Passive smoking can function as an elevated risk factor for RA in women

Passive smoking exposure during childhood and/or adulthood in women increases the risk of rheumatoid arthritis (RA) in the same way as active smoking, as per the recent study findings published in Rheumatic & Musculoskeletal diseases open.

The French prospective study, began in 1990, evaluated passive smoking exposure using self-reported questionnaires in a cohort of healthy women.  RA cases were confirmed by self-reporting and subsequent verification. Among 79806 women, 10,810 (13.5%) women were exposed to passive smoking in childhood, and 42,807 (53.6%) in adulthood. The study identified 698 incident cases of RA.

Assessment of all the models demonstrated significant association between passive smoking in children and adulthood and the risk of RA (HRs 1.24 and 1.19 respectively). Furthermore, the absolute risk of RA noted among never smokers with passive smoking inhalation in childhood and/or adulthood (47.6/100 000 person-years) was similar to that of ever smokers with no passive smoking exposure (47.2/100 000 person-years). While it was highest in ever smokers with passive smoking exposure (53.7/100 000 person-years).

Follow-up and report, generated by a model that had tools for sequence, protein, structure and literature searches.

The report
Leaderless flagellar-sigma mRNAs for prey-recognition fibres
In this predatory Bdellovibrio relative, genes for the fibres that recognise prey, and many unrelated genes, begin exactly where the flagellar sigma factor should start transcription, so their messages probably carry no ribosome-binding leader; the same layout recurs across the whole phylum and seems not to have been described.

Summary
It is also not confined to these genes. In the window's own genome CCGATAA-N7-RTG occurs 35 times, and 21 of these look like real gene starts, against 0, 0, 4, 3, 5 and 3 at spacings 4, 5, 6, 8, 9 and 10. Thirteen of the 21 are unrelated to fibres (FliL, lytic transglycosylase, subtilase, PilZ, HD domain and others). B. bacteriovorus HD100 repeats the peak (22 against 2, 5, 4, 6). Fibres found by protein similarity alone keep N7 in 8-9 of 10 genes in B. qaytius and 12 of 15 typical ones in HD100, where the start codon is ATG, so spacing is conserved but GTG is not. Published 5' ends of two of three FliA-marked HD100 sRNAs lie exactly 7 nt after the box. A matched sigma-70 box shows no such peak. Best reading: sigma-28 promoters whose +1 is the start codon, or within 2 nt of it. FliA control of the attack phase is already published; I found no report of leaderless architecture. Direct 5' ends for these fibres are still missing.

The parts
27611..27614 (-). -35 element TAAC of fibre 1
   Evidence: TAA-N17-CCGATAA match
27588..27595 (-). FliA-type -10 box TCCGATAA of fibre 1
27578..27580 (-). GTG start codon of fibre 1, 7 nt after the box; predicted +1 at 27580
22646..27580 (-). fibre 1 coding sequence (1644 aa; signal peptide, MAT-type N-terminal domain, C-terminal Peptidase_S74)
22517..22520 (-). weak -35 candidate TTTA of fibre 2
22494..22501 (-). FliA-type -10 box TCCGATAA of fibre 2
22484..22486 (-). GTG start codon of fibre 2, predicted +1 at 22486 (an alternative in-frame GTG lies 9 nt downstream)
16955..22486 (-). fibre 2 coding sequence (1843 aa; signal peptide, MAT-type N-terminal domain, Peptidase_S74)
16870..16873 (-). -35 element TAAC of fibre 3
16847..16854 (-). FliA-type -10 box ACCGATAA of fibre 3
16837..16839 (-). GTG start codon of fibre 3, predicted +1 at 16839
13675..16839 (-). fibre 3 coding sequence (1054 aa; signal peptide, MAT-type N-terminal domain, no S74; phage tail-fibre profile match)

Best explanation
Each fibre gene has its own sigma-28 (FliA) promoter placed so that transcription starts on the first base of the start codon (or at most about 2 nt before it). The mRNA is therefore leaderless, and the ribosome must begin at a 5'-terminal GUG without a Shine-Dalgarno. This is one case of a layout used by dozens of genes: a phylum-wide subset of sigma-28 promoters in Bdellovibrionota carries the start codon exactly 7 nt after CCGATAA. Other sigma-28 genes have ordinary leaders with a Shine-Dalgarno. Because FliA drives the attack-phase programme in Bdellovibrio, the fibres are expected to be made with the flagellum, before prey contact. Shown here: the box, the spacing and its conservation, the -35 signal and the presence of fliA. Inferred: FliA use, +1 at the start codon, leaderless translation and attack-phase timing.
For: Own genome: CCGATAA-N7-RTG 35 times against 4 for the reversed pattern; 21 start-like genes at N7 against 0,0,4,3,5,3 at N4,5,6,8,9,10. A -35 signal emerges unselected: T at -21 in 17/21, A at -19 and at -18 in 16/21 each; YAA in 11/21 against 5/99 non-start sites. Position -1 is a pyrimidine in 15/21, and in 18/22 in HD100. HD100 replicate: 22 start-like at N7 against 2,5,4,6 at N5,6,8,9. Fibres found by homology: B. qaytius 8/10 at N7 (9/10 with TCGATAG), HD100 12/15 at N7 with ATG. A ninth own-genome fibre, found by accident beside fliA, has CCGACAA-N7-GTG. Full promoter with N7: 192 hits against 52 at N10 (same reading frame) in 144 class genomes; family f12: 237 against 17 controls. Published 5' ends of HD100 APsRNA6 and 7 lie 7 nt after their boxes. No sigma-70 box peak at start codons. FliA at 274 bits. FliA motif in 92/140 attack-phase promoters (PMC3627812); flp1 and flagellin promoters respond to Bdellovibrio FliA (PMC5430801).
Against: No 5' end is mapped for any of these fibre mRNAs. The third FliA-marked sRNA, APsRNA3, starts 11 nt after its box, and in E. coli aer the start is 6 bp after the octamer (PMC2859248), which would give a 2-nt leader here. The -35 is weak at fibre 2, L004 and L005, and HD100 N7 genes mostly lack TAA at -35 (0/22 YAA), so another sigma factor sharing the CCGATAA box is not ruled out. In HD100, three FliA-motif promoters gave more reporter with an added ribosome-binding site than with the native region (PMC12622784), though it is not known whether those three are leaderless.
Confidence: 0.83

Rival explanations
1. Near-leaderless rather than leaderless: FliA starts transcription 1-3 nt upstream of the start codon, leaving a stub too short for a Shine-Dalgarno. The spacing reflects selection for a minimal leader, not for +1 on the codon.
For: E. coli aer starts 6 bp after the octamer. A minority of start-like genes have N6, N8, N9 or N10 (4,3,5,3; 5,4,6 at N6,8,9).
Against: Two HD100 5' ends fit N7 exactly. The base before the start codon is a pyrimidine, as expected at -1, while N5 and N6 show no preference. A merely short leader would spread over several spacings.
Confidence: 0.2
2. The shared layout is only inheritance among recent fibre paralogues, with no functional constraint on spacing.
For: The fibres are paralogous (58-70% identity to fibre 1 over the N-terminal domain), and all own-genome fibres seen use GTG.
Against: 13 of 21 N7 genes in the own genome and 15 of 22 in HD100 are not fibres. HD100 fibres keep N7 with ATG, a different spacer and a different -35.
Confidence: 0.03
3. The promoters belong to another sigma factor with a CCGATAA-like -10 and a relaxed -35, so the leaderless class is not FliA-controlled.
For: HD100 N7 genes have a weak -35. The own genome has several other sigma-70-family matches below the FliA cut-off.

Previous literature evidence has established that smoking enhances citrullination and in genetically predisposed subjects, this may occur years before the onset of symptoms of the disease. The present study findings add to the current understanding of mucosal paradigm of RA pathogenesis. It also highlights the need to restrict such exposure to prevent the disease onset, particularly in people who are at risk of developing RA.

Reference: Nguyen Y, Salliot C, Gelot A, Mariette X, Boutron-Ruault MC, Seror R. Passive smoking in childhood and adulthood and risk of rheumatoid arthritis in women: results from the French E3N cohort study. RMD Open. 2022 Feb;8(1):e001980.